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Mountain Messenger
Lewisburg, West Virginia
February 23, 2008     Mountain Messenger
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February 23, 2008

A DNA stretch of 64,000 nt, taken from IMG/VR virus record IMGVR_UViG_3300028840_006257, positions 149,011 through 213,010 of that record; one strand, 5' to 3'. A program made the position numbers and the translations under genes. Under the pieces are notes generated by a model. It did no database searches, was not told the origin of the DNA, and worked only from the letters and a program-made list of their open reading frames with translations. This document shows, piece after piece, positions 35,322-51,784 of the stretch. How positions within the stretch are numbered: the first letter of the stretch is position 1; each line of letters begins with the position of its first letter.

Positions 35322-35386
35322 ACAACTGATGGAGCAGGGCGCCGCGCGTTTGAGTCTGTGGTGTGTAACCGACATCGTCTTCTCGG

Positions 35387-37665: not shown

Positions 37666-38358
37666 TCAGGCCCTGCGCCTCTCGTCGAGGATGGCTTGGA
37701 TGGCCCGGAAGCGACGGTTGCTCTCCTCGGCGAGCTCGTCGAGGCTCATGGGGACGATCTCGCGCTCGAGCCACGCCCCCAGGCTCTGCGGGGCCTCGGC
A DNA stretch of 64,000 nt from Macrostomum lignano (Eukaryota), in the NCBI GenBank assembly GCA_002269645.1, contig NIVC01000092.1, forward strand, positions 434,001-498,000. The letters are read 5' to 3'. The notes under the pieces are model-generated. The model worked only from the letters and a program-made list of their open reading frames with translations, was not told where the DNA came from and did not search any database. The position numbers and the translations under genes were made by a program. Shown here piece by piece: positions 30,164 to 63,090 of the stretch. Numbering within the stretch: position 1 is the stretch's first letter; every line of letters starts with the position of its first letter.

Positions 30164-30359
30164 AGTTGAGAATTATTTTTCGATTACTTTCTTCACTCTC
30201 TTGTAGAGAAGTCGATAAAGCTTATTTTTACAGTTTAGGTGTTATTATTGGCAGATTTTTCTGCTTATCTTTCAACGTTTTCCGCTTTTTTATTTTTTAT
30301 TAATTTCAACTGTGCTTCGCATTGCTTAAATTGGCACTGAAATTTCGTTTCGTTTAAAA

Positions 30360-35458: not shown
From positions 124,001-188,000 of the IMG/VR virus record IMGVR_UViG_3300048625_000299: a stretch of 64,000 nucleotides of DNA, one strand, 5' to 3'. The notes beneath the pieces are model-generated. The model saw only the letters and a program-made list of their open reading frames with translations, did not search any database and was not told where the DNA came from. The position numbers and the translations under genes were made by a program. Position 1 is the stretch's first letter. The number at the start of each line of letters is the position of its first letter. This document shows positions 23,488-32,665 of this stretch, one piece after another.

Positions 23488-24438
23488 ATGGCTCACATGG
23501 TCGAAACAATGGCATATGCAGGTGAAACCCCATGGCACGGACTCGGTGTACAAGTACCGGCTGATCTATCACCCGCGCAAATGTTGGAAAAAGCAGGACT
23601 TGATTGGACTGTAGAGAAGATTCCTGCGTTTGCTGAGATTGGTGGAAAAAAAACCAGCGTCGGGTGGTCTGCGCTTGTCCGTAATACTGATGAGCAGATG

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www.mountainrnessenqer.com The Weekend paper for the Greenbrier Valley - Mountain Messenqer Feb. 23,2008 1R Greenbrier Valley Women's Fund High Rocks girls andstaff pose while participating in Martin Luther King Day activities in Lewisburg in January. Pictured are: Stand- ing: Makaila Dodd (left), Susan Burr, Ashley Sydenstricker, Erica Lipps, Ashley McFerrin, Courtney Gillilan, Chelsea Wood, Josie Renick, Kelsey Lane, Rebecca Adreanna McMillion, Amy Rose, Heather Thompson and Jaime Madden; Sitting: Sarah Riley (left), Susan Burnett, Shay Vandevander and Miriah Fowler. The mission of the High Rocks is to support and strengthen young West Virginia women from all walks of life. Their purpose is to educate, empower and inspire girls, giv- ing them the confidence to lead active lives and work toward the long-term betterment of the community. High Rocks Co-Director Sa- rah Riley says the contribution from the Women's Fund is par- The Greenbrier Valley Women's Fund, a donor-advised fund established in 2006 at The Greater Greenbrier Valley Com- munity Foundation (TGGVCF), has awarded its second grant of $i,000 to High Rocks Educa- tional Corporation of HiUsboro. The Women's Fund makes grants to support innovative programs that promote empow- ,erment, economic security and -self-reliance for women. Lewisburg Lions Club members learn about phishing Alice Hol!ingsworth, Mortgage Specialist, City National Bank and Dick Smith, Lions Club Program Chairman may appear to be from a gov- ernment agency. Generally the phishing e-mail will warn you of a "serious problem" that re- quires your immediate atten- tion and will give you a link to contact. At this official-looking link, you will be asked for your personal financial information. If you give them the informa- tion they ask for, you are theirs. To protect yourself, you should never provide your per- sonal information in response to an unsolicited request. If you believe the contact may be le- gitimate, contact the financial institution or government agency yourself--do not go to the link provided. The Lions Club thanks Alice for a timely and informative pro- gram. Alice Hollingsworth, guest speaker at the Lewisburg Lions Club's biweekly meeting, told club members, "Phishing is one of the many ways thefts steal personal financial information." "Identity thieves," she said, "fish the internet for names, bank account numbers, pass- words, Social Security num- bers and other confidential in- formation they can use to loot your checking account or run up bills on your credit cards With stolen information they can damage your financial his- tory in a way that can take years to unravel." Typically, a phishing e-mail will be sent to your e-marl, ad- dress and will appear to be le- gitimate. It may appear to be from a company that you rec- ognize and do business with. It "W[ TO m YOUR ImARMACY" I]liliil'~lk lililMIIIIt II,llh, ~k It. l~llh I.Pk, TAKE STEPS TO PREVENT POISONING AT HOME being used, never let your chil- dren out of your sight. HINT: Never equate any medicine with candy when trying to coax a child to take it. Be sure and talk with our pharmacist for more informa- tion about today's column. We provide your family with your total brand name and generic prescription needs, and every- thing in the way of your home medical supplies and equip- ment. You can always expect prompt and personal service here at 370 Seneca Trail, Fairlea, 304-645-1890. We're locally owned and we have the friendliest, most knowledgeable staff. Nearly every parent is well aware of the potential for chil- dren to become poisoned in the home. In fact, more than two million accidental poisontngs are reported to Poison Control Centers across the country annually. More than nine out of every ten of these incidents occur in the home. With this in mind, parents are advised to use products with child-re- sistant packaging and to keep all chemicals and medicines locked up and out of sight of children. Keep a poison emer- gency phone number by each telephone and be sure to in- struct babysitters and grand- parents of its whereabouts in case it/becomes necessary to use it. When any medicine is www.lrritzsPhannacy com grant to High ticularly special to High Rocks. "Together, we are investing in girls and women, building a new legacy of leadership, of in- dependence, of financial self- sufficiency, of giving. The Women's Fund and High Rocks are partners in a true sense - our core values, our visions are the same. We are working to- gether to build assets. We'll use the financial assets built by the donors to the Women's Fund, donors who give because they believe in the positive potential of women. We'll use these fi- nancial assets to build devel- opmental assets in girls, to build a sense of community, to build civic responsibility, to build a road to the future where these girls grow up to be educated, empowered, inspired community leaders." High Rocks serve girls ages 13-18 from three rural coun- ties in Southeastern West Vir- ginia-Pocahontas, Nicholas, and Greenbrier. High Rocks girls come from various back- grounds and all show a strong natural ability for leadership. High Rocks has all kinds of girls; they may be straight A students with a supportive families or they may be having trouble in school or at home, but what unites them is their creative thinking, compassion and leadership potential. They look for girls who are strong, bright, and eager for a chal- lenge or looking to make a change in their lives. Most girls apply to the pro- gram at the end of their eighth- grade year and join the pro- gram by attending camp the summer before beginning high school. Girls who join the High Rocks participate in the pro= gram in the summer and after school through all four years of high school and are offered continuing support after graduation as alumnae. High Rocks also has done projects with local middle schoolers, el- ementary students, and boys and girls from the juvenile jus- tice system through special summer camps, outreach, in school and afterschool activi- ties. They also have a summer internship program for college and graduate students. High Rocks recruits girls through the local schools; also, many are recommended by teachers, parents, other High Rocks girls, or community members. Each girl must go through a rigorous application process, which includes a writ- ten application with several short answer questions, an essay, and an interview at her home by a staff member and current High Rocks gift. Gifts are accepted on the basis of their application and their de- sire, motivation, willingness to work, commitment, and lead- ership potential. Every girl is in the High Rocks because she really wants to be there, mak- ing a difference in herself, her peers, and her world. Contributions to the Green- brier Valley Women'si F and are tax deductible. Checks should be made payable to] TGGVCF, with "Greenbrier Valley Women's Fund" noted on the memo line, and marled to TGGVCF, P.O. Box 387, Lewisburg, WV 24901. For further Information, con- tact Elltott at }304) 645-5620. 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